KABUL, Afghanistan - U.S. and NATO deaths from roadside and suicide bomb blasts in Afghanistan soared sixfold in July compared with the same month last year, as militants detonated the highest number of bombs of the eight-year war, figures released yesterday showed.

Three U.S. Marines and a Polish soldier were killed in the latest attacks, setting August on course to surpass the record 75 deaths of U.S. and NATO troops from all causes in July.

U.S. commanders have long predicted that 2009 would be the deadliest of the war, after President Obama ordered an additional 21,000 troops here to try to quell the rising Taliban insurgency. A record 62,000 U.S. troops are in Afghanistan.

U.S., NATO, and Afghan troops are working to protect voting sites so Afghans can take part in their second-ever direct presidential election Aug. 20. Taliban militants have vowed to disrupt the elections, and attacks are rising around Afghanistan, where roadside bombs are now the cause of the majority of U.S. and NATO deaths.

Last month, 49 coalition troops were killed in bomb attacks, a more than sixfold increase from the eight killed in roadside and suicide bombings in July 2008, according to figures from the U.S.-based Joint IED Defeat Organization.

The number of incidents from IEDs, or improvised explosive devices, soared to 828, the highest level of the war and more than twice as many as in July 2008.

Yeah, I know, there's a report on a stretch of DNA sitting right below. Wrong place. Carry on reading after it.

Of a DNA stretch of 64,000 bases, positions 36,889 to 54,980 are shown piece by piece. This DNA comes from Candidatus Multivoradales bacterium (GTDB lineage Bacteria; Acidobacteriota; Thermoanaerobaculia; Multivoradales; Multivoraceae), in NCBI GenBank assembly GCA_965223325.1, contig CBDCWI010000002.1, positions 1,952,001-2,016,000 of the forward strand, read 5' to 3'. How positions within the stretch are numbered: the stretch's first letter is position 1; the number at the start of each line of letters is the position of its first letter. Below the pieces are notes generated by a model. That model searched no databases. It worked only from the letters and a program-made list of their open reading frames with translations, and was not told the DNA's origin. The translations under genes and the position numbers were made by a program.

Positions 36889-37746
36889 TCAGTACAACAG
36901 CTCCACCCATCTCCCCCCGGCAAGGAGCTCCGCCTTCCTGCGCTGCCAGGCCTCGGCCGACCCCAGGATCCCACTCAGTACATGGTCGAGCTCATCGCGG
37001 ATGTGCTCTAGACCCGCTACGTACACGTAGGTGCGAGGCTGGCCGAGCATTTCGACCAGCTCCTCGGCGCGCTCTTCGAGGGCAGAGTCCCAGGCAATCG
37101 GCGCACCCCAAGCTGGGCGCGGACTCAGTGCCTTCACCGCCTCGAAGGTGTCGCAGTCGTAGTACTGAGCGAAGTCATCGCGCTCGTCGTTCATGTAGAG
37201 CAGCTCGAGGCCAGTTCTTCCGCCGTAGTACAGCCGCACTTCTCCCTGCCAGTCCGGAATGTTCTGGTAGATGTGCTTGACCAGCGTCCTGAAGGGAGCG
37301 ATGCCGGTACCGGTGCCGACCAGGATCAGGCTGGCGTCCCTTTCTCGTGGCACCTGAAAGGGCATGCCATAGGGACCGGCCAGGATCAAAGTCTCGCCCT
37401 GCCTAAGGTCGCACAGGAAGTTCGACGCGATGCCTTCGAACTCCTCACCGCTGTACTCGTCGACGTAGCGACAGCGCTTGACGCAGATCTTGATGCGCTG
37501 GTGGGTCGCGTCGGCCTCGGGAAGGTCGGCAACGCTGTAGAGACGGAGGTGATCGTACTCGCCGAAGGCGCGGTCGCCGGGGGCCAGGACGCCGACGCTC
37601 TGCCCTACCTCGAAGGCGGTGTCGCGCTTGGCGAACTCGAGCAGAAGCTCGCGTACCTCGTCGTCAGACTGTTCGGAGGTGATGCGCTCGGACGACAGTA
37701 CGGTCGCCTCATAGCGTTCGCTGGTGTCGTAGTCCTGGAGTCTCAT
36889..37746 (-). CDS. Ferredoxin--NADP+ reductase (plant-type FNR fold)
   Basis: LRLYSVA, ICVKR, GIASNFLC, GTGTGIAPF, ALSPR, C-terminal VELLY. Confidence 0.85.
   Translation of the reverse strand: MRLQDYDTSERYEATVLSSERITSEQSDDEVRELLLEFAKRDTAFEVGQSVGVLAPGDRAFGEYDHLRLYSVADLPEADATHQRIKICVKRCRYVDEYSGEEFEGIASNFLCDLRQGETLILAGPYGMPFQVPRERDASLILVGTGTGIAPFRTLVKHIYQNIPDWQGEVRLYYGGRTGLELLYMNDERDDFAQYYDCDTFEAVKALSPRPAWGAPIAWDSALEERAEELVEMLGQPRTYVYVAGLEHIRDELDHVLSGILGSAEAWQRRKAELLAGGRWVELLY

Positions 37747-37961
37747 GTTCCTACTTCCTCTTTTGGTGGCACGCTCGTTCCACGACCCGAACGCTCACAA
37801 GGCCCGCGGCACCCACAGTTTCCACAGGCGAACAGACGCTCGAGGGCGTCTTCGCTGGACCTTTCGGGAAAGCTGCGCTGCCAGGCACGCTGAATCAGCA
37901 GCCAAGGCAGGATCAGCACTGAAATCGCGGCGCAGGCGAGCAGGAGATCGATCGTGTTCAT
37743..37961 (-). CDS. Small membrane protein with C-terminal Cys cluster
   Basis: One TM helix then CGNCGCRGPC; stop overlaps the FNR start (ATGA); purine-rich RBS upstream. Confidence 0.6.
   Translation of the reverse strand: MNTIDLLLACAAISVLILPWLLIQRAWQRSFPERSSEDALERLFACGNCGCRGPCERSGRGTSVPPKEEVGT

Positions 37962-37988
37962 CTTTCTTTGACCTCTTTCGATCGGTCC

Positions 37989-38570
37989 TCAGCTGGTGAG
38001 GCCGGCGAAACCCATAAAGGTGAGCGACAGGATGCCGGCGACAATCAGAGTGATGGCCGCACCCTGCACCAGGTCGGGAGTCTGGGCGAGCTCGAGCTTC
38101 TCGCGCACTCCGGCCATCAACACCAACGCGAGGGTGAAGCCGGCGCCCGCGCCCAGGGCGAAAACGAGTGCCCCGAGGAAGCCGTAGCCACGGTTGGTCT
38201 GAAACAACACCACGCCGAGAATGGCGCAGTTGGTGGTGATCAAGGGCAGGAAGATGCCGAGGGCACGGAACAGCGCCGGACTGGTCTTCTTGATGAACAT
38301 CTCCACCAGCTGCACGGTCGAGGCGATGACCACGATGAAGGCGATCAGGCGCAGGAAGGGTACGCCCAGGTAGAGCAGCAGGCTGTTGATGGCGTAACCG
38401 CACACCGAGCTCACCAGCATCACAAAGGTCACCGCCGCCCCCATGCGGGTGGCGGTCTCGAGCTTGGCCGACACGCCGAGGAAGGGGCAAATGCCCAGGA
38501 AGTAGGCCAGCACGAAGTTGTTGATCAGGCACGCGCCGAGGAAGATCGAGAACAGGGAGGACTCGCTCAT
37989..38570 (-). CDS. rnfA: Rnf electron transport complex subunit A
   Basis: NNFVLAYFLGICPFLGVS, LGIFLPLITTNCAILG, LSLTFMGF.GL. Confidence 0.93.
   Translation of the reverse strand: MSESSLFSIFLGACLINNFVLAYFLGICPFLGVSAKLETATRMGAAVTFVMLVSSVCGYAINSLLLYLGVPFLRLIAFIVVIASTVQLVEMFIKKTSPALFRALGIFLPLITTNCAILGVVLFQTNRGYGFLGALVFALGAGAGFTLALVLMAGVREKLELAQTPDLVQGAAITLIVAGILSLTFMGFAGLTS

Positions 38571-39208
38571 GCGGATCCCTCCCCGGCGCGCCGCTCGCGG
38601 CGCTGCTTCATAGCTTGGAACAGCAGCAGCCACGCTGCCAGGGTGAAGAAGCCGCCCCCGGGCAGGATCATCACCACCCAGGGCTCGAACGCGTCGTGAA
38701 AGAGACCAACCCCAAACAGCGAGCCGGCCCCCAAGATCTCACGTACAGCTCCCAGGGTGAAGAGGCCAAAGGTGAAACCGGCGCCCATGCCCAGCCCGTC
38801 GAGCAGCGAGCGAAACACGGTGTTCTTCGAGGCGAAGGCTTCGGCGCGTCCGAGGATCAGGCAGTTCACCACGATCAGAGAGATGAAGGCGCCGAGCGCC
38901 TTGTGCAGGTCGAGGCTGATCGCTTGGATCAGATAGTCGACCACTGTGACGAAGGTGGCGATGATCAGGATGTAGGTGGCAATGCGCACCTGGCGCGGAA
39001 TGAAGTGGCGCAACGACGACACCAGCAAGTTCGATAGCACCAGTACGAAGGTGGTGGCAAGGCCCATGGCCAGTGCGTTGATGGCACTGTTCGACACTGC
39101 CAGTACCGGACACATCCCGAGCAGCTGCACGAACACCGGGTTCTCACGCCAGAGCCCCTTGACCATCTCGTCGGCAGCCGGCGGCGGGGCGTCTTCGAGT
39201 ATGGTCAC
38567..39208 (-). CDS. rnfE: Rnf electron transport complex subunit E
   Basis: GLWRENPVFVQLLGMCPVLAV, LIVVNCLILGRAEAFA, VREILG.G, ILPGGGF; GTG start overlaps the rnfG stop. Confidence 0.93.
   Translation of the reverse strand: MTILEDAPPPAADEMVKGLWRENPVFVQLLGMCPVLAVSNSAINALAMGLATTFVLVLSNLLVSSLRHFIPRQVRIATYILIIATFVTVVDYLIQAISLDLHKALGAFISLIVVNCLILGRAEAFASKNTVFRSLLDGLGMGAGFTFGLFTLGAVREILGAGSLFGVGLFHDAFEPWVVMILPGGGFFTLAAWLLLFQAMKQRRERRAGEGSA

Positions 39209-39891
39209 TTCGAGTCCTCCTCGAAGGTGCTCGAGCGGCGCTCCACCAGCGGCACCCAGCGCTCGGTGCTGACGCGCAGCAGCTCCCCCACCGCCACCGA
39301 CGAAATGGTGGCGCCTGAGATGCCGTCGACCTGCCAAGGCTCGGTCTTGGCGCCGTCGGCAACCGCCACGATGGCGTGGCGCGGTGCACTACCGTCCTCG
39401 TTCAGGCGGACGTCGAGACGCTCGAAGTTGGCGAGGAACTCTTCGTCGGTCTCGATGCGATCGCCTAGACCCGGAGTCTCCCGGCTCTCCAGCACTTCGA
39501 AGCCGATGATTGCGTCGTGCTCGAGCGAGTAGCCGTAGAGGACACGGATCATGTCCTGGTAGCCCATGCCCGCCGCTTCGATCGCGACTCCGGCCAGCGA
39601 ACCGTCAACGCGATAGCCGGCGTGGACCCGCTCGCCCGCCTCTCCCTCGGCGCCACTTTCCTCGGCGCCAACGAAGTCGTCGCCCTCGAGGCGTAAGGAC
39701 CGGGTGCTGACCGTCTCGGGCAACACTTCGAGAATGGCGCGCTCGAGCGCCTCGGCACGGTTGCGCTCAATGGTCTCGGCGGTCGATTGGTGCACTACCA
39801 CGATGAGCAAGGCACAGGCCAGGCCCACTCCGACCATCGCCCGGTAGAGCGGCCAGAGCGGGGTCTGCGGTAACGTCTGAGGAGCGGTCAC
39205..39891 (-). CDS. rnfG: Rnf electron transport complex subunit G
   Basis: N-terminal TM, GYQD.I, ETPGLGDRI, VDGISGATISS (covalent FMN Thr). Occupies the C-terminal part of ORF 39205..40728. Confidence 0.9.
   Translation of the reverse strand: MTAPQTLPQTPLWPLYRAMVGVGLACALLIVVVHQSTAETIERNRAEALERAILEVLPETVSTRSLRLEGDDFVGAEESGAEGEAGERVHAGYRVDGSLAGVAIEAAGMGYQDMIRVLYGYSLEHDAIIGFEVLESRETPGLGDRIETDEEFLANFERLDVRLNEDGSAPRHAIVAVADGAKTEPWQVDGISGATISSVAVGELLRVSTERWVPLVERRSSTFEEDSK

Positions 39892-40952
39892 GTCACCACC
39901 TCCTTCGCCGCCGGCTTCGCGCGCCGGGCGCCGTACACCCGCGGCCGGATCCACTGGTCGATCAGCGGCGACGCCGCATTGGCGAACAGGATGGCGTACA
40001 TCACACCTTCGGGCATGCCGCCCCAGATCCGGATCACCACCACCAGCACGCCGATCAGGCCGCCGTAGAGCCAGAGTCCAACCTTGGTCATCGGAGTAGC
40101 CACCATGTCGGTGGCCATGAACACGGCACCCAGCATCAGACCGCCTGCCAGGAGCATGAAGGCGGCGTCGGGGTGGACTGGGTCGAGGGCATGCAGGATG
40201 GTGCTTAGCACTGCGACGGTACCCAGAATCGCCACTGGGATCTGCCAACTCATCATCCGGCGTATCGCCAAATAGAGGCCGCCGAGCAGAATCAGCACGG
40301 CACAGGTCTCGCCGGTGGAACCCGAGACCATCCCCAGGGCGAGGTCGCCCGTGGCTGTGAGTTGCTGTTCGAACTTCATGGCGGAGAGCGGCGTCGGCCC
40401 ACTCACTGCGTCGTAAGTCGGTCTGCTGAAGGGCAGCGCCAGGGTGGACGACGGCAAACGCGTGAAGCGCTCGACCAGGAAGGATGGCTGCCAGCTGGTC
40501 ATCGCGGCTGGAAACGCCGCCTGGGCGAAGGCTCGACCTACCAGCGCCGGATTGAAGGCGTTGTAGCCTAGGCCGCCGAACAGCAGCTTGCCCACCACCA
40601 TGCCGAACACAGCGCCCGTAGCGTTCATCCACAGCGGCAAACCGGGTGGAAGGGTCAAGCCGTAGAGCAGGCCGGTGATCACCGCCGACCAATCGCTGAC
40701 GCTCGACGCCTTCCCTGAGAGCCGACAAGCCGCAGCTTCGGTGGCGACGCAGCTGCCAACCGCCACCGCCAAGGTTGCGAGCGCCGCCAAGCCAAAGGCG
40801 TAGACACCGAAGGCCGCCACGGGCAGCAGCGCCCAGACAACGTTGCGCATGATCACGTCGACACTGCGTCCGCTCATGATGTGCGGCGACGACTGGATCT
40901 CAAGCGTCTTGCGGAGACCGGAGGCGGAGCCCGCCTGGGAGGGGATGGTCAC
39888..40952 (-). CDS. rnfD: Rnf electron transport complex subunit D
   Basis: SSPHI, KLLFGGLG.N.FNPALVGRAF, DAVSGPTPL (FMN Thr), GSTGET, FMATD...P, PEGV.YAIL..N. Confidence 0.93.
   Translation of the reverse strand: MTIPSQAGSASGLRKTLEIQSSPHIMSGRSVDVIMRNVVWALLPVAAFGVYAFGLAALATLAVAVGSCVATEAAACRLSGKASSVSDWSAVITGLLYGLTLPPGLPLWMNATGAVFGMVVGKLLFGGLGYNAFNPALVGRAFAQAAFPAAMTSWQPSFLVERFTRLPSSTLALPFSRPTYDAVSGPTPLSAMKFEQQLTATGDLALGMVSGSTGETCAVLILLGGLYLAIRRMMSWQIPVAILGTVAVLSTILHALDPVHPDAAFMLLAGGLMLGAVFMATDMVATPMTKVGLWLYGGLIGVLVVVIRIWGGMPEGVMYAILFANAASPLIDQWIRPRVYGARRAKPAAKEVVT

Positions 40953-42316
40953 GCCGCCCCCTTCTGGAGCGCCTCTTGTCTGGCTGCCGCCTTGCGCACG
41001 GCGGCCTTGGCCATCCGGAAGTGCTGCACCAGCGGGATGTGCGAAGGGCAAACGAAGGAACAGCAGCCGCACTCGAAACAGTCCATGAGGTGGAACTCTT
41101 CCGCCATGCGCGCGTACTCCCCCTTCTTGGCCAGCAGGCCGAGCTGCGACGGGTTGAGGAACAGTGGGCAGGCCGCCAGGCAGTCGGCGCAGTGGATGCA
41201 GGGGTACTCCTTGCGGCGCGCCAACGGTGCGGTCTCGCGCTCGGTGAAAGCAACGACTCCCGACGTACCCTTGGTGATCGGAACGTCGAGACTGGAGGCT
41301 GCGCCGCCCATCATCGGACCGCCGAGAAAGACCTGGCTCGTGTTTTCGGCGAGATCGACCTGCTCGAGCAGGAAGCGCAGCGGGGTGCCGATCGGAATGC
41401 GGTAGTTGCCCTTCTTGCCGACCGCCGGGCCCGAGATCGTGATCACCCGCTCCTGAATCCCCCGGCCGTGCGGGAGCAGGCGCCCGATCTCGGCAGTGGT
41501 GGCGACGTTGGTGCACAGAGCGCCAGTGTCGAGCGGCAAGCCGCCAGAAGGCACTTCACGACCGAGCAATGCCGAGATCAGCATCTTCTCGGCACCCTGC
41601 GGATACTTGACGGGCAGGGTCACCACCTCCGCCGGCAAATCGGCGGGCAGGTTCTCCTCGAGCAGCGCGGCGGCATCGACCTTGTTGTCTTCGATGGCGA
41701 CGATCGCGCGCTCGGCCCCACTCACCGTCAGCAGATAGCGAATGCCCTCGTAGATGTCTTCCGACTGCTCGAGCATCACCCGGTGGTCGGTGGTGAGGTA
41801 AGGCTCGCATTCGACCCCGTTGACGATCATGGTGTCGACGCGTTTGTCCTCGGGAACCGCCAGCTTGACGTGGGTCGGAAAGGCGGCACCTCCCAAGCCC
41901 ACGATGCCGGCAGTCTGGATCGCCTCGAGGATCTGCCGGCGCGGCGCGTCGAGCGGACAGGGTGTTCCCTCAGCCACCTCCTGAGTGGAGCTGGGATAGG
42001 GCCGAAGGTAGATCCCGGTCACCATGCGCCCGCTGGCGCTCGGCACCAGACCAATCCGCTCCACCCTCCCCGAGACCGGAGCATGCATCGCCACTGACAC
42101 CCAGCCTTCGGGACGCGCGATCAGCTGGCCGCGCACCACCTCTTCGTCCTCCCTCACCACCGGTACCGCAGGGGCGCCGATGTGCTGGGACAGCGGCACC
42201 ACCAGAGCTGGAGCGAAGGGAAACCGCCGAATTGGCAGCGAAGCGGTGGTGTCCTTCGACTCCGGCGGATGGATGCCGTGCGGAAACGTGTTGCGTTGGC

Of the 828 incidents, 410 bombs were found and neutralized, and 310 were ineffective. But 108 bombs were effective, triple the 36 effective attacks a year ago; the increase suggests that militants are getting better at placing and detonating bombs.

"The major challenge today for us is roadside bombs and suicide attacks," said Gen. Mohammad Zahir Azimi, spokesman for the Afghan Defense Ministry.

Azimi said Taliban fighters had figured out that roadside bombs were efficient and effective. "They stay safe," he said, "while the other side suffers."

Although roadside bombs target troops, they have killed a record number of civilians this year as well. Nine Afghans riding in a vehicle died in a bomb blast yesterday in Kandahar province, said Daud Farhad, a doctor at Kandahar's Mirwais hospital.

Afghan soldier deaths from IEDs are also up sharply, Azimi said, but he had no figures. A roadside bomb in Zabul killed two Afghan soldiers yesterday, Lt. Gen. Sher Mohammad Zazai said.

At least 14 NATO troops, including at least seven Americans, have been killed this month in bomb blasts.

Even as bomb blasts spike in Afghanistan, such attacks have dropped precipitously in Iraq.

No coalition troops died in Iraq last month from bomb attacks, only the second month that has happened since the military began keeping statistics in June 2003.

The number of IED incidents in Iraq fell from 557 in July 2008 to 166 last month.